Abstract While end-of-life issues are increasingly gaining more attention, people with intellectual and developmental disabilities (IDD) continue to receive significantly less consideration in research, education, and clinical practice compared with the general population. This is a growing concern especially since the sheer number of persons aging with IDD is expected to double in the next 17 years. Furthermore, policies are shifting to reflect a preference for home and community-based services as an alternative to institutionalization, and it becomes evident that adult day services (ADS) may be ideal settings for receipt of end-of-life care, especially among individuals with IDD. However, end-of-life care and advance planning most commonly occur in long-term care settings for the general population and have historically been less of a priority in ADS and residential services for people with IDD. This article discusses the attitudes of, and collaboration between, ADS and end-of-life providers for aging adults including persons with IDD and explores how ADS may be a great pathway for delivering end-of-life care to the IDD population. Implications and recommendations will also be examined.

http://ome.sagepub.com/content/70/4.toc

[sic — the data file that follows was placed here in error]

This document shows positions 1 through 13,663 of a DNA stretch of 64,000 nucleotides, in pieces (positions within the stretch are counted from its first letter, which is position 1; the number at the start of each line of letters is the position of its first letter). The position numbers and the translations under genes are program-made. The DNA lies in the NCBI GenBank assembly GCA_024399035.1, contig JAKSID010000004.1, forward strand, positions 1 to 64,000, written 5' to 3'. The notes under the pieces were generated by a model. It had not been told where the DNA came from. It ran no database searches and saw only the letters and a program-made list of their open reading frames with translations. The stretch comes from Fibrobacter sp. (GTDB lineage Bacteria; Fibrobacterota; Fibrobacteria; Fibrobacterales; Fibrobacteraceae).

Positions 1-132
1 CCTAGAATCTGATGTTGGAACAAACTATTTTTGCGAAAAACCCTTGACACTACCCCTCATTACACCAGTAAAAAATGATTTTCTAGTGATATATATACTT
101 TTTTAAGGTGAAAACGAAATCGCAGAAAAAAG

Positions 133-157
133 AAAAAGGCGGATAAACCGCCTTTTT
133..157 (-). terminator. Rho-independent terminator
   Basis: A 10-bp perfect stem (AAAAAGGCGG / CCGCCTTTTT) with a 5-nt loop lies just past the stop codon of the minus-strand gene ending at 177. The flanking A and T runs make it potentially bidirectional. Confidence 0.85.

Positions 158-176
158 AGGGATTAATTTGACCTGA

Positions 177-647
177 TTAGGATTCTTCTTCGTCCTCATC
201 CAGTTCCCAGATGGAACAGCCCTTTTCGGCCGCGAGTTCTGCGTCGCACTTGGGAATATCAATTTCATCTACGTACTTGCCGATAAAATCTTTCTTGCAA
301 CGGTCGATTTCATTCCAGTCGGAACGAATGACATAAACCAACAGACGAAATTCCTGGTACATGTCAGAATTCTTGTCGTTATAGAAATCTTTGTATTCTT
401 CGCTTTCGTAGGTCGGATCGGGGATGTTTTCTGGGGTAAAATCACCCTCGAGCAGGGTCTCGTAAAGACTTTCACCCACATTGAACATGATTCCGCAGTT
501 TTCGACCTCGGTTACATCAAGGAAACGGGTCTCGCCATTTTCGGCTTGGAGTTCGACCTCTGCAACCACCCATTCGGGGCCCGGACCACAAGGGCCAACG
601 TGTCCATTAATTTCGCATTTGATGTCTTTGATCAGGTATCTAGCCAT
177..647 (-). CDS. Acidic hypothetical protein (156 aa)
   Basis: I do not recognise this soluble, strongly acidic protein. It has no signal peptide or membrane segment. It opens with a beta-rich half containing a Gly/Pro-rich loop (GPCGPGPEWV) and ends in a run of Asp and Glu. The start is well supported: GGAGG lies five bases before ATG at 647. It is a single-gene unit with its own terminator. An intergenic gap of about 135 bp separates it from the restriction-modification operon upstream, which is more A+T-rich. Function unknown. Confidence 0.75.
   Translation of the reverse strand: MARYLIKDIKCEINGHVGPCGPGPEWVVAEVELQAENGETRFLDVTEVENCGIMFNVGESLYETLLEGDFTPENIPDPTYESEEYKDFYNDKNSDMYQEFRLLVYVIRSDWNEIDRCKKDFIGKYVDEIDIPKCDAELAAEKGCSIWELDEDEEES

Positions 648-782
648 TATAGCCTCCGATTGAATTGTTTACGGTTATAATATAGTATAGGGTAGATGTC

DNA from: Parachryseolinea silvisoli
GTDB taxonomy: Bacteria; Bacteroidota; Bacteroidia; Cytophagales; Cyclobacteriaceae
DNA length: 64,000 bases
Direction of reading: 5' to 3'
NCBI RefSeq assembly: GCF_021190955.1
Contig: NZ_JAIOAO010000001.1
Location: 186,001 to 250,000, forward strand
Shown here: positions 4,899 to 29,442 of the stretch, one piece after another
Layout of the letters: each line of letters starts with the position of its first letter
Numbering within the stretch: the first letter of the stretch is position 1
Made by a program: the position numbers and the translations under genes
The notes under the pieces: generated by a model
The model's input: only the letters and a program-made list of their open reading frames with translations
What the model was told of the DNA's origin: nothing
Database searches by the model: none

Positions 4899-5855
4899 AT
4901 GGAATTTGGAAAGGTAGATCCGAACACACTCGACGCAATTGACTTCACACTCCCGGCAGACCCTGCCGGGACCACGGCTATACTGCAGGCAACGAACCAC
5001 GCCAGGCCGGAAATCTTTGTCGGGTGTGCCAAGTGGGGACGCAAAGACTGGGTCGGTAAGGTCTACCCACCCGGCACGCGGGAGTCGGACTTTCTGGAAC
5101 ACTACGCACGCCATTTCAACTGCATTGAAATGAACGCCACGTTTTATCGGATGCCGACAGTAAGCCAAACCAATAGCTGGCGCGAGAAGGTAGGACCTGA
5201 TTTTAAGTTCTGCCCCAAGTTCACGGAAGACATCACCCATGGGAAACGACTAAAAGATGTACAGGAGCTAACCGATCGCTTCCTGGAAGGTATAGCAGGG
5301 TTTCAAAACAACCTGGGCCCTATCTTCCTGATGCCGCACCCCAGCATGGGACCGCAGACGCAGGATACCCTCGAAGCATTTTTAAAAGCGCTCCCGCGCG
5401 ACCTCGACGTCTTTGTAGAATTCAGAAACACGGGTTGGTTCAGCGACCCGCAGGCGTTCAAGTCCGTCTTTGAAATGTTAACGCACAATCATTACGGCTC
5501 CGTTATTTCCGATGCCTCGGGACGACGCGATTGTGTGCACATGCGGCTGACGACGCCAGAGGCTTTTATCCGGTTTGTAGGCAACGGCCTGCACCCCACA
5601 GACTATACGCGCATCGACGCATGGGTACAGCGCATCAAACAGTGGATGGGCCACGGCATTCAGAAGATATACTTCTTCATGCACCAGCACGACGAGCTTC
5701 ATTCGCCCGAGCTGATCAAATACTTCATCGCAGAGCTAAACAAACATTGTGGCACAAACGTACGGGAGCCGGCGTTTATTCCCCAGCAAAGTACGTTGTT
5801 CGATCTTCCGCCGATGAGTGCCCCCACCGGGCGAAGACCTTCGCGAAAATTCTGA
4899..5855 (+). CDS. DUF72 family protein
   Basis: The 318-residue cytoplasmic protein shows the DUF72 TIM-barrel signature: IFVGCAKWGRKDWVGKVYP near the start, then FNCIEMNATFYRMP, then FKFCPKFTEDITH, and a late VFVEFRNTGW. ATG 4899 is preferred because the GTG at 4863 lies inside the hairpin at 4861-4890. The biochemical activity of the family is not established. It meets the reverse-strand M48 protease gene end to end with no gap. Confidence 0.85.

Guidelines for Dementia-Related Health Advocacy for Adults With Intellectual Disability and Dementia: National Task Group on Intellectual Disabilities and Dementia Practices. Intellectual and Developmental Disabilities

Kathleen M. Bishop, Mary Hogan, Matthew P. Janicki, Seth M. Keller, Ronald Lucchino, Dawna T. Mughal, Elizabeth A. Perkins, Baldev K. Singh, Kathy Service, Sarah Wolfson, and the Health Planning Work Group of the National Task Group on Intellectual Disabilities and Dementia Practices (2015)

Guidelines for Dementia-Related Health Advocacy for Adults With Intellectual Disability and Dementia: National Task Group on Intellectual Disabilities and Dementia Practices. Intellectual and Developmental Disabilities, February 2015, Vol. 53, No. 1, pp. 2-29. doi: http://dx.doi.org/10.1352/1934-9556-53.1.2